Within the context of a large, multisite, randomized controlled trial (RCT) of SNHV, the right@home trial [24], a detailed study of the intervention fidelity was undertaken, that is, retention, dose, content and relationship-base of the intervention program. We aimed to assess the implementation of the right@home program through answering three research questions: What was the retention, dose, and adherence to program schedule, in delivery of the right@home sustained nurse home visiting program?, What was the content delivered when providing the right@home program?, and Were the foci of delivered program content concordant with the program aims?


Study design and setting

The right@home program is a SNHV intervention that was delivered to families from the antenatal period until their child turned two years old. The right@home program was trialled in seven localities in the Australian states of Victoria and Tasmania [24]. Notably, the program was delivered within the real world setting of universal child and family health nursing services [23]. The program has demonstrated effectiveness in improving parental care of the child, responsivity, and the home learning environment for families experiencing adversity [25].

The right@home program was structured around the core Maternal Early Childhood Sustained Home-visiting (MECSH) model [26], with scheduled hourly visits of varying frequency, and incorporating the core MECSH focus modules (Learning to Communicate child development parent education program [27], social support promotion including group activities) [28] and additional focus modules (SmallTalk—a language development education program for parents of children aged 12–47 months [29], Promoting First Relationships including use of video feedback [30], healthy eating guidelines [31], infant sleeping (Infant Sleep Visit Record) [32], safety audit (Kidsafe) [33]) to improve outcomes for parent care, parent responsivity and the home learning environment [24]. The program was delivered by trained nurses (baccalaureate with postgraduate training in child and family health) supported by a baccalaureate trained social care practitioner (social worker). The social care practitioner provided instrumental and psychosocial support for families, and assisted nurses and families to leverage community resources. Each nurse supported 25–30 families per full time equivalent (FTE), with one social care practitioner supporting four FTE nurses. Each locality team of 4.0FTE nurses and 1.0FTE social worker were supervised by a team leader, providing group reflective practice supervision and case review at least monthly. right@home was designed to be delivered primarily through face-to-face visiting, however, flexibility within the program allowed for a small proportion of visits to be delivered as therapeutic telephone calls when requested by families, and group visits.

Nurses and social care practitioners were guided by a strengths-based approach and joint goal setting, based in the Family Partnership Model [18], which draws on helper and construct theory, and motivational interviewing techniques. Using the MECSH model principles, the practitioners used a salutogenic (health creating) child-focused prevention approach, supporting identified families with young children to adapt and self-manage in their parenting journey, and source the resources to parent effectively despite the difficulties and challenges they face in their day to day lives. The program aimed to improve parental care of the child, responsivity and the home learning environment through delivery of a home visiting program that supports and enables:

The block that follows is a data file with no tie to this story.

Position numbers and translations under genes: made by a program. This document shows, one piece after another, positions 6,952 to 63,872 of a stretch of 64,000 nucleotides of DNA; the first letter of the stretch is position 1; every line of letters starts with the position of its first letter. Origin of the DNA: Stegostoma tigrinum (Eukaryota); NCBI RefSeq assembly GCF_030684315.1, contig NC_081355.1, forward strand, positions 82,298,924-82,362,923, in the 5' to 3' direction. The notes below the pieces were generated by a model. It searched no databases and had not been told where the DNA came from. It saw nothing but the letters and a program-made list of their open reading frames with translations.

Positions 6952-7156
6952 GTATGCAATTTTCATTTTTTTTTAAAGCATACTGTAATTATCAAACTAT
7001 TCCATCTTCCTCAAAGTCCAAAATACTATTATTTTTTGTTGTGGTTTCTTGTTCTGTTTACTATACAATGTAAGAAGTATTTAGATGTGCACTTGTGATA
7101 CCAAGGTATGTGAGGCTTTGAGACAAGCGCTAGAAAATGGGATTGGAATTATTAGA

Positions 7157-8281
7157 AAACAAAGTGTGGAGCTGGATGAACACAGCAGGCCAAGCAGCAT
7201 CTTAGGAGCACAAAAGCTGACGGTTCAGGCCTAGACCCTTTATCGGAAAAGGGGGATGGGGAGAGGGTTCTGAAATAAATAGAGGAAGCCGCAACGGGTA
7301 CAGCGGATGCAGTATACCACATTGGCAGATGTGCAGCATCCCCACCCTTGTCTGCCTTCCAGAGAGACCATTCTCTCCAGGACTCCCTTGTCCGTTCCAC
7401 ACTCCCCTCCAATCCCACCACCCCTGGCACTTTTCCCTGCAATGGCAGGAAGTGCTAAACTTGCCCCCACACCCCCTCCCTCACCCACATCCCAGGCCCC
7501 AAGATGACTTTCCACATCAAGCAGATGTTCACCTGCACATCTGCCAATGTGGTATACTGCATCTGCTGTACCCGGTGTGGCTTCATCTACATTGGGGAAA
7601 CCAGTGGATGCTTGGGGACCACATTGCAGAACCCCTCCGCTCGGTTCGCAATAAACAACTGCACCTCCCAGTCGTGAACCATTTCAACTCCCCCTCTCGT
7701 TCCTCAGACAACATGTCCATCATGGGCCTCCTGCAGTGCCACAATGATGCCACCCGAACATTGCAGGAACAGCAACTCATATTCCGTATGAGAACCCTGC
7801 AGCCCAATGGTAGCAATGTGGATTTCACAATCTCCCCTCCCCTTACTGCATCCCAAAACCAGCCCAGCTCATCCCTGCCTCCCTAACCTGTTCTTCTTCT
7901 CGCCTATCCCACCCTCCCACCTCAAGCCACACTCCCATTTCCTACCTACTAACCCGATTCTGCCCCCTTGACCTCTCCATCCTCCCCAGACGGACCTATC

• positive transition to parenting;
  • mother, child and family health, development and wellbeing;
  • maternal–infant bonding and attachment;
  • positive parenting skills;
  • mothers to be future orientated and aspirational for themselves, their child and family;
  • mothers and families to enhance their coping and problem-solving skills, and ability to mobilize resources;
  • supportive relationships in their family and community; and
  • additional support in response to family needs [9, 24, 28].

Program implementation support, training, and fidelity monitoring was conducted by the MECSH Support Service at Western Sydney University in Liverpool NSW using the standard processes for the implementation of MECSH-based licenced programs [34] internationally, with the addition of specific training in, and monitoring of the right@home focus modules. As per standard processes, program delivery was monitored quarterly, including assessment of training completion, supervision processes, dose, retention rates, content monitoring, family rating of the service, and provision of standardized feedback to each participating site. The program has an aspirational retention, dose and content performance indicator that 100% of families should receive 100% of visits and schedule content. Overall program fidelity was deemed to be satisfied if more than 75% of families received more than 75% of the visits, including at least one antenatal visit (see page 12 in [24]).


The RCT recruited 722 pregnant women. Eligible participants were pregnant women attending the antenatal clinics in the trial areas from May 2013 to August 2014, with an expected due date before 1 October 2014. Participants needed to be less than 37 weeks gestation, have sufficient English proficiency to verbally answer interview questions, reside within the study travel boundaries, and have two or more of ten sociodemographic risk factors for adverse parent and/or child outcomes identified by risk factor screening [35, 36].

The intervention arm of the right@home trial recruited 363 families, and 352 women commenced the intervention. Table 1 shows the risk profile for all participants, those who received as least one intervention visit (right@home program recipients), and those who completed the right@home program to child age 2 years.